Assessing cylinder and piston damage

Depending on what caused the engine to seize, you may have damage to both the piston and cylinder. If you had to beat the piston out with a mallet there is a good chance the rings will be damaged. Piston rings are fairly brittle and will shatter if subjected to too much force. If the rings aren’t busted make sure they rotate freely in the piston grooves. Rings often get glued to the piston grooves by varnish or carbon deposits, keeping the rings from expanding against the cylinder wall and doing their job. Stuck rings can usually be freed with penetrating oil, but if they are broken you’ll have to replace them.

If you have to replace the rings, make note of where the ring end gaps are positioned, and if the piston uses different types of rings in each groove make sure to mark their type and position. Clean the piston ring grooves with a piece of an old piston ring, making sure to clean out any dirt or varnish from the ring grooves so the new rings won’t stick.

Take a good look at the piston itself. Clean it thoroughly and examine it under a light. Is it scored, torn, cracked or broken? Measure the piston at different points and compare the numbers with the specifications in a manual, if you have one. Clean the cylinder wall, oil the piston and try reinserting it in the engine. It should slide the length of the cylinder freely. Rotate the piston as you move it up and down – if it jams at any time you have a problem. Pistons can get distorted when they seize, and how you deal with this depends on how you are going to use the engine and how much money you want to spend.

The most remedial repair is to simply file off any metal that keeps the piston from working freely. Sometimes you can set the piston up and turn it on a lathe. The best bet, and the most expensive, is to simply replace the piston.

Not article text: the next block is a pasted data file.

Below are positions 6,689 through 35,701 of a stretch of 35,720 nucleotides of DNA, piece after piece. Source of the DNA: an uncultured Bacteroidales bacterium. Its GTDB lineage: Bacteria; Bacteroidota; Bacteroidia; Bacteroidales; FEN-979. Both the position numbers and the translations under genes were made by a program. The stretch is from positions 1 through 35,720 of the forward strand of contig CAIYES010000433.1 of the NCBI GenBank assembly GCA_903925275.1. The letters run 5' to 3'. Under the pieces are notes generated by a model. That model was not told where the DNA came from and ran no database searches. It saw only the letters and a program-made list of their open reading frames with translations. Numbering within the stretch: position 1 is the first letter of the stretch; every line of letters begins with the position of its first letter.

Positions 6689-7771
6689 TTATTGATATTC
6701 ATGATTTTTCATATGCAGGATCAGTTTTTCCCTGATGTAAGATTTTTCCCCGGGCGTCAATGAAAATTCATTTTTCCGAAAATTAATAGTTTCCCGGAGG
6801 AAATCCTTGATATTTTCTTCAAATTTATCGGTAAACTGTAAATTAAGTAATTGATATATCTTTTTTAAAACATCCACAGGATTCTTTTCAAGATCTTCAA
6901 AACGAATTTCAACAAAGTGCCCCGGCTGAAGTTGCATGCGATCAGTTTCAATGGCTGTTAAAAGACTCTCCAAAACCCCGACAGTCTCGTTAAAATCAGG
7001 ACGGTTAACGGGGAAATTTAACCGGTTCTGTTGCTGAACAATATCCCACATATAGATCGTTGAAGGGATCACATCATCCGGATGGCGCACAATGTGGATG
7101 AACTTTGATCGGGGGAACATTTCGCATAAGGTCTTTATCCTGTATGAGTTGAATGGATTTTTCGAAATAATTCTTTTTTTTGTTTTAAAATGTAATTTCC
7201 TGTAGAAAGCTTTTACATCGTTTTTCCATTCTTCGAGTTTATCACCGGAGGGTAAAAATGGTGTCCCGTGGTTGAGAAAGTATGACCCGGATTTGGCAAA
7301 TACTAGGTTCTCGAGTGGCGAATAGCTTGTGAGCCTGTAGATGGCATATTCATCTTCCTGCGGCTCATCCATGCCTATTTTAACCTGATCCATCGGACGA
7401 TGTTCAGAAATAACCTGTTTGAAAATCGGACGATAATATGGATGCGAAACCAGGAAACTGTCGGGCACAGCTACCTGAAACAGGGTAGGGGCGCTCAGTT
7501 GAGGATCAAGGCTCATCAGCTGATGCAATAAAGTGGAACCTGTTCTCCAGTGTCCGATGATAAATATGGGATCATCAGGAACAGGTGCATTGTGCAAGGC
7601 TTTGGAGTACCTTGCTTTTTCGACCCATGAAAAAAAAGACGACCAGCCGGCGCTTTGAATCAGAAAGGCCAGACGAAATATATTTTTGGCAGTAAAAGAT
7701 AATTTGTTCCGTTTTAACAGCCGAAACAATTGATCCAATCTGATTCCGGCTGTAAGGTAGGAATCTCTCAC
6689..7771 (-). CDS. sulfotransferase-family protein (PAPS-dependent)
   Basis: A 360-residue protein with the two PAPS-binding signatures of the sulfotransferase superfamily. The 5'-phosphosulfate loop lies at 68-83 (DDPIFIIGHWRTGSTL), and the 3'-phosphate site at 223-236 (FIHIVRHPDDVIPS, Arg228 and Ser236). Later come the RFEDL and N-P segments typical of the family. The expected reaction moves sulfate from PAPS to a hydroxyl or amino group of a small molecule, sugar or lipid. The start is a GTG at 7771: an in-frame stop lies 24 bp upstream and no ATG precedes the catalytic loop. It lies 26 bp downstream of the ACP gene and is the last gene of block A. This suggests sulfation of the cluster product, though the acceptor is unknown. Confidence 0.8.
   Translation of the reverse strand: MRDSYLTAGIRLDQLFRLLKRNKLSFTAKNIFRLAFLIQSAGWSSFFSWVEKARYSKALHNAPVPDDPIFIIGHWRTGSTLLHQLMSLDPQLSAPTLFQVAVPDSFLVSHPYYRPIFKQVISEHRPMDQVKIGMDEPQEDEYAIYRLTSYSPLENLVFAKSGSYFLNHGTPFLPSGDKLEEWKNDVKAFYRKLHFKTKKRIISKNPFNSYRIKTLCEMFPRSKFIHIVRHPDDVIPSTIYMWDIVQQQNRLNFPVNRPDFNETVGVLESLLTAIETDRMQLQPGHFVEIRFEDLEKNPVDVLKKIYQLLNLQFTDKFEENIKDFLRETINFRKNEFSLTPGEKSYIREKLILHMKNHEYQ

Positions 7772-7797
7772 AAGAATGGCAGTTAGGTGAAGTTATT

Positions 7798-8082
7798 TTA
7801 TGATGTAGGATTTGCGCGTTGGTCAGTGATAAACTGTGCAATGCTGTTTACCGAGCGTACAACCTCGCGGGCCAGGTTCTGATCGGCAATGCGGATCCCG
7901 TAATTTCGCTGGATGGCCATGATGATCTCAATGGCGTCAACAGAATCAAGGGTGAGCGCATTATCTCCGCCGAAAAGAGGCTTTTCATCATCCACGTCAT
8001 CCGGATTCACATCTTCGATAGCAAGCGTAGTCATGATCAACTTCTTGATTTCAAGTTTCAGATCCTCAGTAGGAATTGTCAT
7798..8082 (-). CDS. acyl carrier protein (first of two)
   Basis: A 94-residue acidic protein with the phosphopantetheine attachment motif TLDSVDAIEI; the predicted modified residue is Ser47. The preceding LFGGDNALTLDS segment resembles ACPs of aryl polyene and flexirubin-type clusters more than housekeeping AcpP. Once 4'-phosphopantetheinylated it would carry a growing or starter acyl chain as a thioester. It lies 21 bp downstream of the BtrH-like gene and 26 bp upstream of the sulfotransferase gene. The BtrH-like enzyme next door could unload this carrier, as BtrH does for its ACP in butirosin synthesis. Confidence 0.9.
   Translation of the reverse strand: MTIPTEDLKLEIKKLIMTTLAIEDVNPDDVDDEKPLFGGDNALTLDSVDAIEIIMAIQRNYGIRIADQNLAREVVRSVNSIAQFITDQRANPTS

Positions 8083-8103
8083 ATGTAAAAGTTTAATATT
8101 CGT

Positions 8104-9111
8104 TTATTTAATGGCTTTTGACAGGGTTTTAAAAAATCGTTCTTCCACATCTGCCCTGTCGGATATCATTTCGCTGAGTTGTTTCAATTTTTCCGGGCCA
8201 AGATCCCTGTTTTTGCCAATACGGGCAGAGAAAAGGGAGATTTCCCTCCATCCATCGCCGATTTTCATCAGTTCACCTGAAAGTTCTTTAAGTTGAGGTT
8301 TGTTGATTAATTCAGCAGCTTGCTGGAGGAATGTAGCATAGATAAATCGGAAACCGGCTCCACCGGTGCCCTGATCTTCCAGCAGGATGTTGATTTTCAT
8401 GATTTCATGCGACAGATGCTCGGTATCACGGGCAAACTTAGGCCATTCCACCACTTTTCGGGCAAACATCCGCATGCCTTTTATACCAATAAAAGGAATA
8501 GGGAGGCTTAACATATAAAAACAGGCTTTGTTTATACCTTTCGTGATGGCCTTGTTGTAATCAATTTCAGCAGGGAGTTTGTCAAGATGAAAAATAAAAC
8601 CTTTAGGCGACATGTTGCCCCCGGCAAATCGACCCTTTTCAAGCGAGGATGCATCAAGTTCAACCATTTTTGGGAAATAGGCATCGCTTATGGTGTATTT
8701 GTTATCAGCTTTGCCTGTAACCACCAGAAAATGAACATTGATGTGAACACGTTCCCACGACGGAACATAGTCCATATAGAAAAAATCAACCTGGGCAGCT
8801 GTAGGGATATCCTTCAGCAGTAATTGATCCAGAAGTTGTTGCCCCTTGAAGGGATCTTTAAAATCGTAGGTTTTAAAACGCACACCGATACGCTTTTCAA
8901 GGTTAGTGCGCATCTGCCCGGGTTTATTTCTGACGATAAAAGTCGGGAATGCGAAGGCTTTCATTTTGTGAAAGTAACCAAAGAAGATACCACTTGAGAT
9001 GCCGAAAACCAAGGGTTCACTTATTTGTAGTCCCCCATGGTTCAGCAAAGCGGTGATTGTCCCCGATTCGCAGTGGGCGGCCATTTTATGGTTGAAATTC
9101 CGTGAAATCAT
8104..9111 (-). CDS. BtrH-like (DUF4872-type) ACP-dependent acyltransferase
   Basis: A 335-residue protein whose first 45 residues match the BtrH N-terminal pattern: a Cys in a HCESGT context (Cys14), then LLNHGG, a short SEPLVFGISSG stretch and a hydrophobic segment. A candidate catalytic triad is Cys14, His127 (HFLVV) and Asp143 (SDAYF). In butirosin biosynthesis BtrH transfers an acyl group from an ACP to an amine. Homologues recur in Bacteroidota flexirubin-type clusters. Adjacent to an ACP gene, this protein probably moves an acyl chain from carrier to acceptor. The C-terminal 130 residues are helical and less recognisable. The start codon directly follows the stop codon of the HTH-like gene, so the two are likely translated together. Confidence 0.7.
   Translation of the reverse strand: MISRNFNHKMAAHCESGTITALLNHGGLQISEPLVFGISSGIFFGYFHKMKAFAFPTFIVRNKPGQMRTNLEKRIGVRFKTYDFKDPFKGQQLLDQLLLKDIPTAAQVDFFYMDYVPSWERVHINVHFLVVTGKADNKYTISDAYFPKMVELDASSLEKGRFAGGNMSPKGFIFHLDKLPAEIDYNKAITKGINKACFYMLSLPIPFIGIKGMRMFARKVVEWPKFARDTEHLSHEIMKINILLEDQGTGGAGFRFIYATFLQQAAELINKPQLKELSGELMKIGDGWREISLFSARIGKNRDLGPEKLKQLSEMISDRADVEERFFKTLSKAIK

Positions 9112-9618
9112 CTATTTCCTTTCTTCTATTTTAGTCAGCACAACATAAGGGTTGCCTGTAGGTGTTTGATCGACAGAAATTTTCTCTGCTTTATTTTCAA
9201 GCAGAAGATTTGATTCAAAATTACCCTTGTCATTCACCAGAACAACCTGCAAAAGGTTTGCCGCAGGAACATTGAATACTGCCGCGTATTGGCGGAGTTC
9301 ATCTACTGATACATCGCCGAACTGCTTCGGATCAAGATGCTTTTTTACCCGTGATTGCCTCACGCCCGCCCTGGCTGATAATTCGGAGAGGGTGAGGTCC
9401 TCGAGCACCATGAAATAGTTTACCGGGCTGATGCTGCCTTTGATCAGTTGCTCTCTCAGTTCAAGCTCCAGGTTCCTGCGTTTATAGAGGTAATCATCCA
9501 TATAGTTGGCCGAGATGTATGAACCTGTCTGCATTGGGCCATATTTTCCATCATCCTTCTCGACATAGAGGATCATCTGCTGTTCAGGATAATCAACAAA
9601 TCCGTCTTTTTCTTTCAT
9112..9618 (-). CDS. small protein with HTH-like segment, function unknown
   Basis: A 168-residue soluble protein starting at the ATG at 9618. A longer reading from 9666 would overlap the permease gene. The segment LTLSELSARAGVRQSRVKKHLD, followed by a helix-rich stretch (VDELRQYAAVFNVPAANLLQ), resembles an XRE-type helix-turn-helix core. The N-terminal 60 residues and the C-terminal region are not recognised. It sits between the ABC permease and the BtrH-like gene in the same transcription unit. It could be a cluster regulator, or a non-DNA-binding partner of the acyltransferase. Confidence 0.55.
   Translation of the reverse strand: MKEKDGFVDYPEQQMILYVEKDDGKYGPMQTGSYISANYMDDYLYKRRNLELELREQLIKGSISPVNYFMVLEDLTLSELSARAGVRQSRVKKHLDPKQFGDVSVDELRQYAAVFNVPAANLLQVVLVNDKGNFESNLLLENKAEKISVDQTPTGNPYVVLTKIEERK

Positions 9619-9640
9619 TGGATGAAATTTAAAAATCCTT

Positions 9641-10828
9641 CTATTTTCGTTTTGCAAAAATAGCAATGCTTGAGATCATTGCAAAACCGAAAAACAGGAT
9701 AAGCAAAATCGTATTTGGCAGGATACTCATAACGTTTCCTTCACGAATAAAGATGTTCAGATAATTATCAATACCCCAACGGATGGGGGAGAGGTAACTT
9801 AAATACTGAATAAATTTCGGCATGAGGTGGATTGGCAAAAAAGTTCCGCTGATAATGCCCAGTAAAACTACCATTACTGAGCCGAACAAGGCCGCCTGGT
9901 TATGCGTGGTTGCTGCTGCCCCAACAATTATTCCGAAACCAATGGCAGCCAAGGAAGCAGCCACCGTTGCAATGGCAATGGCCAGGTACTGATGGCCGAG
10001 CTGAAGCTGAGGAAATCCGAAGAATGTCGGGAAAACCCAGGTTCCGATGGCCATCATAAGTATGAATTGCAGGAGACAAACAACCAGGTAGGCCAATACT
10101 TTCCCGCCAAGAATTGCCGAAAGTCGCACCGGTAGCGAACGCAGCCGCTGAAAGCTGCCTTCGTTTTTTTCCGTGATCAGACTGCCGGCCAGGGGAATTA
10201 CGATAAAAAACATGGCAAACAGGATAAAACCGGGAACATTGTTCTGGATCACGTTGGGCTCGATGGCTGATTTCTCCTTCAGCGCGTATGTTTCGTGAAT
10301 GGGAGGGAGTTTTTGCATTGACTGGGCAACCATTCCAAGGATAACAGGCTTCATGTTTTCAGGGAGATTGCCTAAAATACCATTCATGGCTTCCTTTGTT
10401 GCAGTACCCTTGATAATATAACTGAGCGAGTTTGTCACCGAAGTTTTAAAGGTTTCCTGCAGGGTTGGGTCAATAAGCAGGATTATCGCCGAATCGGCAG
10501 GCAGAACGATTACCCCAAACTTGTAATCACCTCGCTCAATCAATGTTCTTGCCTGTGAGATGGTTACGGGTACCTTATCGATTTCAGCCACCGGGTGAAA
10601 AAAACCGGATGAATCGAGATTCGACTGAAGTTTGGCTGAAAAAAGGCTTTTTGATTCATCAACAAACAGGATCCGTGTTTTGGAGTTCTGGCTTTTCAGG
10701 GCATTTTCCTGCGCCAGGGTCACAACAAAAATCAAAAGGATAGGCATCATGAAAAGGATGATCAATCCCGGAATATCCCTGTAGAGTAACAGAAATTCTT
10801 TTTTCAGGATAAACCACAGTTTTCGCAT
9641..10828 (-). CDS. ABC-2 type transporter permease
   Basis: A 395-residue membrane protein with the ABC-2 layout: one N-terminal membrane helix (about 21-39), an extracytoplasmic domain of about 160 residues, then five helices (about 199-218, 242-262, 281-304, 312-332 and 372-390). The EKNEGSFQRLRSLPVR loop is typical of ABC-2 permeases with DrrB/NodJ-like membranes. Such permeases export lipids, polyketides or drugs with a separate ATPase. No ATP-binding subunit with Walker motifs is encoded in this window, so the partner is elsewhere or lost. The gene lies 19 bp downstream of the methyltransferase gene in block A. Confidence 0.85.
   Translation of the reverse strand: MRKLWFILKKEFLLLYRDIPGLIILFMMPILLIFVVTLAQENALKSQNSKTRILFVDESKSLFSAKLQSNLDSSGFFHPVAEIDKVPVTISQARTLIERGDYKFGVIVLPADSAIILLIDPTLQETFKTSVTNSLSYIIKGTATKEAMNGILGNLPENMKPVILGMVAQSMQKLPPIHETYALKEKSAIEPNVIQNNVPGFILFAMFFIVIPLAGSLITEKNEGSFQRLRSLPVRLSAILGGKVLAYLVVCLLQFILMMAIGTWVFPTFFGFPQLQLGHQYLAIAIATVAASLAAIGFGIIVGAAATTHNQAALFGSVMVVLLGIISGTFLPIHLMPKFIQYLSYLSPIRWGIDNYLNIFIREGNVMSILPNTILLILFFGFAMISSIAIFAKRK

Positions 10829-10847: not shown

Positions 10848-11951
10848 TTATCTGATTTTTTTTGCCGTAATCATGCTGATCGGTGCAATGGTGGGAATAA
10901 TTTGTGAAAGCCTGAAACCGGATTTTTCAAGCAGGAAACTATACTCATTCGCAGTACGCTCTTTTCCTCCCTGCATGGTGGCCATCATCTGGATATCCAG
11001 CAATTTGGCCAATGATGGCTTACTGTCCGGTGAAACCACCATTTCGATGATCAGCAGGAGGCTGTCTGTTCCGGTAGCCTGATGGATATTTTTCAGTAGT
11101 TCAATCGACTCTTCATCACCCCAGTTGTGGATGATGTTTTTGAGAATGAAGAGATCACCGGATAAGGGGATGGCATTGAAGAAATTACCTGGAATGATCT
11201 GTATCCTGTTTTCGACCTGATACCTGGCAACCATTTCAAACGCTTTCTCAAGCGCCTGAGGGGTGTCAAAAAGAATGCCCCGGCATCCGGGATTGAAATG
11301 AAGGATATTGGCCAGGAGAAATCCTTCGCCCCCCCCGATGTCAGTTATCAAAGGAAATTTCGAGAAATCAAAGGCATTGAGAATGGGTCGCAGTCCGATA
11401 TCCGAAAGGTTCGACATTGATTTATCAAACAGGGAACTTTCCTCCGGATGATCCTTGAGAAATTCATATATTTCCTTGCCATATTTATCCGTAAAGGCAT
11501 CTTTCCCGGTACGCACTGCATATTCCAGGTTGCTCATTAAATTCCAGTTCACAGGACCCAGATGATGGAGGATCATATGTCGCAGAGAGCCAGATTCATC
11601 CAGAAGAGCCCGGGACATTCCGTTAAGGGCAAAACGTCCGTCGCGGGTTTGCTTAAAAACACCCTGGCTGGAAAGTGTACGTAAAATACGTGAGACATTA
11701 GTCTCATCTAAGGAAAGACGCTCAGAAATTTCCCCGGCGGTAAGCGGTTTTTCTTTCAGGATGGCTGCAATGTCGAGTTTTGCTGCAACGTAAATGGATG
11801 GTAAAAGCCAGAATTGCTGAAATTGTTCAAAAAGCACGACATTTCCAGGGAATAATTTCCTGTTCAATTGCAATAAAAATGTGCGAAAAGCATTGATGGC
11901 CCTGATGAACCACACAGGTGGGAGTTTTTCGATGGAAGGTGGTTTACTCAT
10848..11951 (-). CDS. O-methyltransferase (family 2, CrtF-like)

That said, be sure to measure and inspect the cylinder for damage before running out and getting a new piston. Clean the cylinder wall and shine a bright light down the cylinder – is there any visible damage to the cylinder wall? Minor scratches can be removed with a cylinder hone, but deep scores will require the services of a machine shop. Depending on how much metal has to be removed to return the cylinder to working order, you may need to put in an oversized piston or resleeve the cylinder. The sleeve is a new cylinder pressed into the hole where the old cylinder was.

You can measure the size of the cylinder with a telescoping bore gauge and a dial caliper or a micrometer. Be sure to take measurements at several locations in the cylinder (generally at the top, middle and bottom) and at 90 degree and 45 degree angles to each other. This will help you determine if the cylinder is out of round. A really worn engine will have an oversized bore, and it’s always good to check the manual for the acceptable dimensions for your engine. I realize that if you have an antique engine there may not be a manual, but often you can find a manual for a similar engine of similar vintage and work from there. Working tolerances, by and large, are fairly standardized.